Plants of
South Australia
Austrostipa densiflora
Dense Spear-grass
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Austrostipa from the Latin 'auster' meaning south and the genus Stipa, referring to the genus being allied to Stipa but restricted to Australia. Densiflora from the Latin 'densus' meaning dense and 'florus' meaning flower, referring to its congested inflorescences.

Distribution and status

Found in the Flinders Ranges, southern Mount Lofty Ranges and Kangaroo Island, growing in rocky site on sandy, shallow rock or low-fertility soils. Also found in Queensland, New South Wales and Victoria. Native. Rare in South Australia. Rare in Queensland. Common in the other states.
Herbarium regions: Flinders Ranges, Murray, Southern Lofty, Kangaroo Island, Green Adelaide
NRM regions: Adelaide and Mount Lofty Ranges, Kangaroo Island, Northern and Yorke, South Australian Arid Lands, South Australian Murray-Darling Basin
AVH map: SA distribution map (external link)

Plant description

Tufted perennial grass to 1.5 m with culms unbranched and nodes densely hair. Leaves hairy above, inrolled to flat, to 45 cm long and 5 mm wide, with a dense hairy ear-shaped lobe at the base. Inflorescence a compact and dense panicle to 30 cm long with pubescent, purplish or green glumes. Flowering between October and January.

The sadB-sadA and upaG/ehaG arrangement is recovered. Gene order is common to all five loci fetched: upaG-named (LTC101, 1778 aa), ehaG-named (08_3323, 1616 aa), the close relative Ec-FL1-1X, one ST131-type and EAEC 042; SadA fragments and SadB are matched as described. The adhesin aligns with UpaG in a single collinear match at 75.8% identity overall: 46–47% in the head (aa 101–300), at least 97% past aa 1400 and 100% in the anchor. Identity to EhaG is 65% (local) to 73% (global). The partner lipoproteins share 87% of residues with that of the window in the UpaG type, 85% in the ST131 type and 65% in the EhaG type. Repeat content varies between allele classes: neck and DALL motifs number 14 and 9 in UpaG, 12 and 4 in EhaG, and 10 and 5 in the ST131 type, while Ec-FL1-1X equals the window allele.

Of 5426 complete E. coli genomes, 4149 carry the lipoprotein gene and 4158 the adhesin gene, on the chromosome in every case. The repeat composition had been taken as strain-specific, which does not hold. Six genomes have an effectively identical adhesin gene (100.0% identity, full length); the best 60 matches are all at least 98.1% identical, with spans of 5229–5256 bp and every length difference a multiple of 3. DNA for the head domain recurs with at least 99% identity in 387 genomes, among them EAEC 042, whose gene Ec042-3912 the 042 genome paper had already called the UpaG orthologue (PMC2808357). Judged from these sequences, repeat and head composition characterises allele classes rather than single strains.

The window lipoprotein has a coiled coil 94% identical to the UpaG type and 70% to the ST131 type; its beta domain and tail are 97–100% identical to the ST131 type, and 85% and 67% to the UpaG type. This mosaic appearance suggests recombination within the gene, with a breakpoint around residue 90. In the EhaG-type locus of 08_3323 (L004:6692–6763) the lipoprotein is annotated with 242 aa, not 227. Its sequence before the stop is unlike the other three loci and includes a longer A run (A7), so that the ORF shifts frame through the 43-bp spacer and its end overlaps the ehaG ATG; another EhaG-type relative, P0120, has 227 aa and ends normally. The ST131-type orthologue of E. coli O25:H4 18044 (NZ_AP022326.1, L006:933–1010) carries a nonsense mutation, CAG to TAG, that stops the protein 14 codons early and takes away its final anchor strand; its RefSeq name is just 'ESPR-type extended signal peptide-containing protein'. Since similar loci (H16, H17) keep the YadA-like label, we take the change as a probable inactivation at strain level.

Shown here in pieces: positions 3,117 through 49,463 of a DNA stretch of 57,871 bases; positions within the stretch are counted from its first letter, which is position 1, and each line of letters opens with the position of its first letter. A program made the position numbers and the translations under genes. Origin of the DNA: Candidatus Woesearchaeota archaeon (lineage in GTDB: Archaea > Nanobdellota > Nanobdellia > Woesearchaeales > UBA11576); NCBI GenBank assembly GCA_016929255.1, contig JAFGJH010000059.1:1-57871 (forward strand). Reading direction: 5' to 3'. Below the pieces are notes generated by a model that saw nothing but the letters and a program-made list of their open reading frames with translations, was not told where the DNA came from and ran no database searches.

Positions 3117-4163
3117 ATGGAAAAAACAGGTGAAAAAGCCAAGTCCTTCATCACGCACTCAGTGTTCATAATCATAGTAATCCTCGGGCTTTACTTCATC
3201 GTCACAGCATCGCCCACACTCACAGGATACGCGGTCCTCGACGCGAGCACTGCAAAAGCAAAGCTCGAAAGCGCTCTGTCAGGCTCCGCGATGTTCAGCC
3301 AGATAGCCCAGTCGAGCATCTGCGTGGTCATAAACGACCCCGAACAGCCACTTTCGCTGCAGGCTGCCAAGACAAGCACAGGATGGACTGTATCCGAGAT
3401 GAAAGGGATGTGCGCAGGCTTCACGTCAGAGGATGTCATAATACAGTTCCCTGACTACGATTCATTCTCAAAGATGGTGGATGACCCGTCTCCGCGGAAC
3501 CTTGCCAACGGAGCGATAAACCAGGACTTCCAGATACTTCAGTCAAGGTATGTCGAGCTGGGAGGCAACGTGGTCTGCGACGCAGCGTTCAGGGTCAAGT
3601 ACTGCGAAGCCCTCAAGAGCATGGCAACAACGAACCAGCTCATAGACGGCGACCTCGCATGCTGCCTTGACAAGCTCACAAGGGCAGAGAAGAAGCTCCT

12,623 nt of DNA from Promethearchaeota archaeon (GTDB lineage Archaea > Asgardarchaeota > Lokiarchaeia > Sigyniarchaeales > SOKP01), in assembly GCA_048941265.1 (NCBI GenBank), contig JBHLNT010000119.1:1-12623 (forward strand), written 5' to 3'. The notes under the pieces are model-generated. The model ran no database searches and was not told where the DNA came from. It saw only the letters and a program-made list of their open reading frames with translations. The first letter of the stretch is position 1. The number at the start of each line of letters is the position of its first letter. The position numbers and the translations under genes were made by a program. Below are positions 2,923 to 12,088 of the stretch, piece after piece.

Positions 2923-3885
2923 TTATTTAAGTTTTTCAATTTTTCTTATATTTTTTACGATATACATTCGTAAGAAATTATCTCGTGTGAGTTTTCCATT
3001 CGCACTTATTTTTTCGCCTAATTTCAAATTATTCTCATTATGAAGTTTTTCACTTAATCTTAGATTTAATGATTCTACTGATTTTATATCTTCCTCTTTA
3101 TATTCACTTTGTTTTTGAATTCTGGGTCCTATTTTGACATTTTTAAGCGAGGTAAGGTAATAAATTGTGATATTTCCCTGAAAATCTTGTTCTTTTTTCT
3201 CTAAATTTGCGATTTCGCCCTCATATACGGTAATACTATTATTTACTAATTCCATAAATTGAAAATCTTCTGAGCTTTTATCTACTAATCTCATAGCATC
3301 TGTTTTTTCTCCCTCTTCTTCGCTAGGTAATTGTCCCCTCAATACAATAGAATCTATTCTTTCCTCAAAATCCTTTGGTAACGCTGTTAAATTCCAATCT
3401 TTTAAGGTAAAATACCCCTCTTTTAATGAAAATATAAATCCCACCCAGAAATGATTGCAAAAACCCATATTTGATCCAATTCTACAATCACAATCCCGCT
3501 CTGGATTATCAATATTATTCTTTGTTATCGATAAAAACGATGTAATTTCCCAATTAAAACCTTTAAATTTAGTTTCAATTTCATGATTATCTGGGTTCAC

Key to this species: awn twice bent with no coma (no hairs around the lemma apex); lemma short stout (5-7.5 mm) with brown tuberculate surface; column hairs long pubescent and not confined to the nerve (0.5-1 mm); glume pubescent; callus short 1.2-1.8 mm; awn short 35-45 mm; panicle dense compact; sheath stout base densely pubescent 1.5-8 mm; leaves hairy above, long to 45 cm with dense hairy auricles; rocky sites. Fruits are brown narrow ellipsoid lemma to 7.5 mm long with a tuberculate surface covered in white or golden hairs but lacking in the apex area; callus straight, sharp and short to 1.8 mm long; awn twice bent, short to 45 mm long; column plumose with hairs to 1 mm long; palea about equal to lemma, with a line of hairs down the centre. Seeds are yellow-brown fat grain to 3 mm long within the lemma. Seed embryo type is lateral.

Seed collection and propagation

Collect seeds between October and March. Use your hands to gently strip the seeds (lemma) off the mature fruiting spike, those that are turning golden brown. Mature seeds will come off easily compare to the immature seeds that remain on the spike. Alternatively, you can break off the whole fruit spike to allow some of the seeds to mature further. Place the seeds/spike in a tray and leave to dry for two weeks. No further cleaning is required if only seed collected. If seed spikes collected, use hand to strip off the mature seeds. Store the seeds with a desiccant such as dried silica beads or dry rice, in an air tight container in a cool and dry place. Viability of grass seeds could be very viable, depending on time of seed collections and seasonal conditions.

Seeds stored:
LocationNo. of seeds
(weight grams)
of plants
Collection number
Collection location
% ViabilityStorage
BGA15,600 (40.56 g)5014-Oct-2007RJB75491
Northern Lofty
19-Sep-200855%+5°C, -18°C
BGA1,000 (3.95 g)50+18-Jan-2011TST1130
Southern Lofty
BGA11,100 (47.24 g)1006-Nov-2017JRG613
30-Jun-201860%-18°C, -80°C
Location: BGA — the seeds are stored at the Adelaide Botanic Gardens, MSB — the seeds are stored at the Millennium Seed Bank, Kew, England.
Number of plants: This is the number of plants from which the seeds were collected.
Collection location: The Herbarium of South Australia's region name.
% Viability: Percentage of filled healthy seeds determined by a cut test or x-ray.